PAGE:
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Northern Lights

The northern lights are a unique part of nature, often seen as three green bands across the night sky, or the light comes as a dancing flickering curtain or rolling smoke. The northern lights are mainly luminous green, often with a hint of pink along the edge, and occassionally with a deep violet centre. The northern lights are caused by the collsion of electrically charged particles from the sun that enter the earth's atmosphere. These particles are then attracted  to both the magnetic poles of the northern and southern hemispheres, in the north they are known as the "Aurora Borealis" and in the south they are called the "Aurora australis."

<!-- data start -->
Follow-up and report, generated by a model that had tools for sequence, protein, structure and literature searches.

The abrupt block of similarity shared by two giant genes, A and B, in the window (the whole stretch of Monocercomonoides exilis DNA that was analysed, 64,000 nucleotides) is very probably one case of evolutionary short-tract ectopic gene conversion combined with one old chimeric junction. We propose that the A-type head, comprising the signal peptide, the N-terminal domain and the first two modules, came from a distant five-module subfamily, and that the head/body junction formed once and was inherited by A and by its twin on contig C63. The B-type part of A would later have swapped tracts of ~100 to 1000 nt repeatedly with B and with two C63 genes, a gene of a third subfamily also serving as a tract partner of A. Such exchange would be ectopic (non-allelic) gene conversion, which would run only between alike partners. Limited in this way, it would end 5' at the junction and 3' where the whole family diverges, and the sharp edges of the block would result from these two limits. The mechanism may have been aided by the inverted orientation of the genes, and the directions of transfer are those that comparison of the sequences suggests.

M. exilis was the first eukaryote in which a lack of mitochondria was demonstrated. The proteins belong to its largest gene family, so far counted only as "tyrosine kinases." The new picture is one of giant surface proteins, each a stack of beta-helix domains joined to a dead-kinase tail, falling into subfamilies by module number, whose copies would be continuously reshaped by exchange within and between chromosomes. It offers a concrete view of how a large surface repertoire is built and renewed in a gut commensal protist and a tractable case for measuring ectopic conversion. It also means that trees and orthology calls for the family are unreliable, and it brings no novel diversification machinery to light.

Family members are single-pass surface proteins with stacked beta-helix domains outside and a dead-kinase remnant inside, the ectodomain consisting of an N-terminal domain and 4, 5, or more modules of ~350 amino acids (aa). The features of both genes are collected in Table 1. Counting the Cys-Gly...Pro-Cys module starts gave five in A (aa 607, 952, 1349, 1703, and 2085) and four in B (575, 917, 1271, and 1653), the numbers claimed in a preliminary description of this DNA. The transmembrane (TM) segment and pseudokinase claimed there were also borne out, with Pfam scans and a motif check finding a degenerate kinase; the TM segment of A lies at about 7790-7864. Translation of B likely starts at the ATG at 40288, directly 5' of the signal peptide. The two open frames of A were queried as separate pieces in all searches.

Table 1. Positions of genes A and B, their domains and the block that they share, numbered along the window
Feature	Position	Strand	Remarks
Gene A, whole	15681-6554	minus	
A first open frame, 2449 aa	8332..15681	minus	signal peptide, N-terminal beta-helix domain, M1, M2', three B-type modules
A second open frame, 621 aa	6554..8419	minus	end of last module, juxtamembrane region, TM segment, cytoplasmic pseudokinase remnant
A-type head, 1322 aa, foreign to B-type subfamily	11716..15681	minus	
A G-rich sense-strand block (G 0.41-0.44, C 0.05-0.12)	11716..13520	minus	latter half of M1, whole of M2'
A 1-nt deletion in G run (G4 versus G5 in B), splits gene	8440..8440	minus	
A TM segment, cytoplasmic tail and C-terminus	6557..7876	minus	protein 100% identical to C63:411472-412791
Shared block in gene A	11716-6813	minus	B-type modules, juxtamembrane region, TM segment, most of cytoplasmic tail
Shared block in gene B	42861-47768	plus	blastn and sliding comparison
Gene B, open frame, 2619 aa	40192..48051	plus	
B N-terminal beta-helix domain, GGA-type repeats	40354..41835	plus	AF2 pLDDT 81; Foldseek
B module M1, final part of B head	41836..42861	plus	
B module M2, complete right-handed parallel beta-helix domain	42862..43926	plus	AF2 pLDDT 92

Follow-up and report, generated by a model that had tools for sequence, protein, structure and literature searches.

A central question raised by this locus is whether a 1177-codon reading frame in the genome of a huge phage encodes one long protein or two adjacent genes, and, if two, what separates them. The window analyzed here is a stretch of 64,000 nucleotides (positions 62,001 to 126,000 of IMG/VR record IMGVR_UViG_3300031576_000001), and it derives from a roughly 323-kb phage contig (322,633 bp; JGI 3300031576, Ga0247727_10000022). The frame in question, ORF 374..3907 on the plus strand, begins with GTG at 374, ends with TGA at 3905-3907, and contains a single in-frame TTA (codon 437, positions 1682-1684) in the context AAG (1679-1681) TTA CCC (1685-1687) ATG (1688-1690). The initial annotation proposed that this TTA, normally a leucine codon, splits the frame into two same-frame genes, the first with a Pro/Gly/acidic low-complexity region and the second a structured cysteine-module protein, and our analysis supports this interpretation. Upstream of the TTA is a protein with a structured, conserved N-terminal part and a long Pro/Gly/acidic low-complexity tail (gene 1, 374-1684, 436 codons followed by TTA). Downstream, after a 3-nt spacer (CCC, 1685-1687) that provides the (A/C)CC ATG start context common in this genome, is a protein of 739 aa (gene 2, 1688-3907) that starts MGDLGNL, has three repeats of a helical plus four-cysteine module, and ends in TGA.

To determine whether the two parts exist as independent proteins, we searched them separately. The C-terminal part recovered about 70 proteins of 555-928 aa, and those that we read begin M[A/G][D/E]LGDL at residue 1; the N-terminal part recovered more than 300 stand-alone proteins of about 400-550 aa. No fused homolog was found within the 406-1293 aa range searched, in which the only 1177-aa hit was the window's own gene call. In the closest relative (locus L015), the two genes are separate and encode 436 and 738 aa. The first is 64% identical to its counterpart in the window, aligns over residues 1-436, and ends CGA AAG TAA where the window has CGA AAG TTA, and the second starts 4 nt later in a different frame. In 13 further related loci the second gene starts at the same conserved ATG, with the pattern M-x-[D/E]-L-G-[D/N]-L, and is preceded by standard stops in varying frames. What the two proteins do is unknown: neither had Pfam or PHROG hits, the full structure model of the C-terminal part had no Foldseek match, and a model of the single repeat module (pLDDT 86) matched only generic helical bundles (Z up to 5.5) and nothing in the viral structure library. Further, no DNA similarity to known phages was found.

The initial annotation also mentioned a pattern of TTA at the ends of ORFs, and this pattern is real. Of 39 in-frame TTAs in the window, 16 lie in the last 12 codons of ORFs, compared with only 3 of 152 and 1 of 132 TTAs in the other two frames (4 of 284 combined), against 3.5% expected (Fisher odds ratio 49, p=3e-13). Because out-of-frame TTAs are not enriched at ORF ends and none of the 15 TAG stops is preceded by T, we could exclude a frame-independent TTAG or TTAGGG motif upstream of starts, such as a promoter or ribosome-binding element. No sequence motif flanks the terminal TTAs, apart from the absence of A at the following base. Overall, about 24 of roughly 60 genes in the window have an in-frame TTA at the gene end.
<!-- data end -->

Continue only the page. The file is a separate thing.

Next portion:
Late autumn and winter/early spring is when the lights are to be found at their most frequent. Between the autumn equinox and spring equinox (21st September - 21st March), it is usually dark between 6pm and 1am, allowing the maximum chance of seeing the lights. Weather is also a big factor in spotting the northern lights, September, October and November tend to be rain filled and snowless in the north. December onwards the weather dries out, with there being plenty of snow, and if you do visit in December or January, you can experience the polar nights with amazing atmospheric evenings and very short days. February and March the days start to become longer and more of the snow-clad landscapes can be seen during the daytime, with the evenings still offering maximum chances of seeing the northern lights.

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